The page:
I'm not 100% what key it is but, yes, I'll try it with the capo up two frets.

http://vocaroo.com/i/s0PAvjVqcqjr

There you are, the song a full step higher. I know I'm off key and slide to a lot of notes and that's partly because I haven't really practiced it in this key. If you can give me feedback on that one, it'd be appreciated. Thanks. :)

Link to comment
Share on other sites

It sounds like you are really strugling to sing that low. It is airy and unsupported. I do not believe in the fach labeling system, but I would say from what I have heard that you are not a bass at all.Your voice lacks the strength and depth of a bass. Very simply, your fach is the place in your voice that you can sing the easiest; and this didnt sound easy. You didnt even hit the lowest note, you were off by at least 2 half steps. Try singing this song an octave higher. I bet it is will be easier for you.

Link to comment
Share on other sites

I absolutely was struggling to sing that low. This song, and the key I was singing it in, is one of the lower popular bass songs that I've heard/attempted. When Leonard Cohen, who's one of the great bass "pop" singers, sang it live, he sang it three half steps higher than what I originally posted (1 half step higher than my second post). There's also an interview of him trying to hit the song in this key and, although he does end up hitting the lowest note, it's a struggle for him.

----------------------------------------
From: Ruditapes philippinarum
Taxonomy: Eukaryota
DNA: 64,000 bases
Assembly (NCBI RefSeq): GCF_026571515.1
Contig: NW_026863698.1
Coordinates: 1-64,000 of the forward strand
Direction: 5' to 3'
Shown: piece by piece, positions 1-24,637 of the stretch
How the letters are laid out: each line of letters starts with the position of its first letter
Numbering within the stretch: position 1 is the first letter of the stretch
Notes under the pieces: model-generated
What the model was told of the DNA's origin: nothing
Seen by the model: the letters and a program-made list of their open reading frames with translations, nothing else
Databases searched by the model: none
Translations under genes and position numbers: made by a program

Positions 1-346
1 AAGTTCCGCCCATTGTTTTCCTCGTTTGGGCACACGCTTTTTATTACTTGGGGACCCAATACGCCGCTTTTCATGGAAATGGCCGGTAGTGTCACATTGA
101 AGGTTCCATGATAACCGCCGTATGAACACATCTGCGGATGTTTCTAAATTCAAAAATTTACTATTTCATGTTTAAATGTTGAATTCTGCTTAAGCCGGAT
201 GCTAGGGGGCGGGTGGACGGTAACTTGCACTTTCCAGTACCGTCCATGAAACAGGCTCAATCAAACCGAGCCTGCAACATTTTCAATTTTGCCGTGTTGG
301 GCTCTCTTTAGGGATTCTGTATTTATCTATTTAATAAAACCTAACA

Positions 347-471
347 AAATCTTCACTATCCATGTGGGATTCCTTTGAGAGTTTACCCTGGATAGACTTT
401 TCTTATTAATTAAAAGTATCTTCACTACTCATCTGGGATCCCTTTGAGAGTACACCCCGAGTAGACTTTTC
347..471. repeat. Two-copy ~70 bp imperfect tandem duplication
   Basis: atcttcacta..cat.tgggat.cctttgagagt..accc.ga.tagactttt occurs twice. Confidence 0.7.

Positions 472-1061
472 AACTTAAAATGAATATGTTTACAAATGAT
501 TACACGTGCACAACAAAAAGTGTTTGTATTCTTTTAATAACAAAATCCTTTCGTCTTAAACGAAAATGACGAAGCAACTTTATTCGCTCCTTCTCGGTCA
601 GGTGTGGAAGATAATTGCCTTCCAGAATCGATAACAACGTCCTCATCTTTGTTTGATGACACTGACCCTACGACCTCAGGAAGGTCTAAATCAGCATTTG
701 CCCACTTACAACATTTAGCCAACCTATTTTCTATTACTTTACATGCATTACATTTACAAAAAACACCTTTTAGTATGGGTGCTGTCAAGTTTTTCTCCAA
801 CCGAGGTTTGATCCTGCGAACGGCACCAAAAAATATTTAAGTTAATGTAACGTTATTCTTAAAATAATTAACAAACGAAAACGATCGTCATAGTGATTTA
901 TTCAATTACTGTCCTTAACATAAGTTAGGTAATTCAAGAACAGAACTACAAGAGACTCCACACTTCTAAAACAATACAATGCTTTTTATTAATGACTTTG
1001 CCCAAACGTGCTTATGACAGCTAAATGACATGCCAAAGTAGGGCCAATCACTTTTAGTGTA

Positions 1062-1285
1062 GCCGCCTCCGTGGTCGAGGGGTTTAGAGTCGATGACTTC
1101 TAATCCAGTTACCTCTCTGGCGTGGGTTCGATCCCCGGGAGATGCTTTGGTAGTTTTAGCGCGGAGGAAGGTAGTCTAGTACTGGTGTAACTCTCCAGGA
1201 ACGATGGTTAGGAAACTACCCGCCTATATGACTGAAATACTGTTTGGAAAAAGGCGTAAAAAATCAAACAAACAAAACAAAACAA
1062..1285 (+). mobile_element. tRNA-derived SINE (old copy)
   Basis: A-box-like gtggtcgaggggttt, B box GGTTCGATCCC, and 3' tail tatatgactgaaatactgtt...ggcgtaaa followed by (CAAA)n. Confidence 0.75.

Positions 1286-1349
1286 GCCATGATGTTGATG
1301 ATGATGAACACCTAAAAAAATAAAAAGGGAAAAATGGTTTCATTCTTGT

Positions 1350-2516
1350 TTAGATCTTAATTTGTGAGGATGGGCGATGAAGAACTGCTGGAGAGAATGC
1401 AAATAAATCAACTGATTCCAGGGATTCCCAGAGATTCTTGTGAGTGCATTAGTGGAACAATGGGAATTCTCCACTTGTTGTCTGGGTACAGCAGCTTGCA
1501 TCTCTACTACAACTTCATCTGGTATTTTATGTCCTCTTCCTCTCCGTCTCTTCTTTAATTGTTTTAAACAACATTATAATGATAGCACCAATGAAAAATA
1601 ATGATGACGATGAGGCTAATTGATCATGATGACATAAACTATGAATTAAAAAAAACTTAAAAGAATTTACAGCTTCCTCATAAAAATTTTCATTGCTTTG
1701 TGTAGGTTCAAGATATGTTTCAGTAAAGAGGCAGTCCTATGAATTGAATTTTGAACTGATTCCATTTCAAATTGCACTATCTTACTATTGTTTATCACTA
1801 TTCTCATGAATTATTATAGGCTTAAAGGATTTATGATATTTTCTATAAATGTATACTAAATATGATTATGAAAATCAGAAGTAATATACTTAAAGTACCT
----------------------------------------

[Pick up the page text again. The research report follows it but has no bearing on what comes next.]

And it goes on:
Have you listened to the second one I posted? I'm hoping you critique is of the first one, since I felt the second was supported well.

I have sung it an octave higher and there's 0 challenge to it. Even that wouldn't really take my voice out of the bass range since the song would be almost exclusively sung in the mid third octave and low fourth octave. I like to try to do things which challenge me. When it comes to singing in my comfort zone, I'd say it's from F2-G#3/C4, where I'm completely comfortable and everything comes easy.

Thank you for the feedback, Keith. It's appreciated.

Link to comment
Share on other sites

I agree with MDEW and Keith.

Fach is about the resonance and weight, I think, more than it is a particular range of notes though, classically, fachs have basic descriptions defined by your lowest dynamic noise and adding 3 to 3.5 octaves though, in classical, you are only expected to sing 2 octaves for the role you are performing. In pop music, it's not the same sound ideal.

For example, I am not a baritone but a high tenor. Yet, I sing what are low notes, for me, in the second octave. they are not very loud, so, I make up for it with arrangment, recording trickery (not pitch correction or shift involved, by the way.)

I learn the hard way. Worry about a fach is useless outside of opera and training for a specific role. It will trip you up more than it will help.

And how do I do low notes? By not worrying about how I think they are supposed to be made.Just make the pitch and make the tone as usable as it can be. Which does not guarantee me success. For the listener may still expect a more "baritonic" sound than I can give. But who cares? I am just singing to my audience. All one or two of them. :lol:

Link to comment
Share on other sites

 Share

×
×
  • Create New...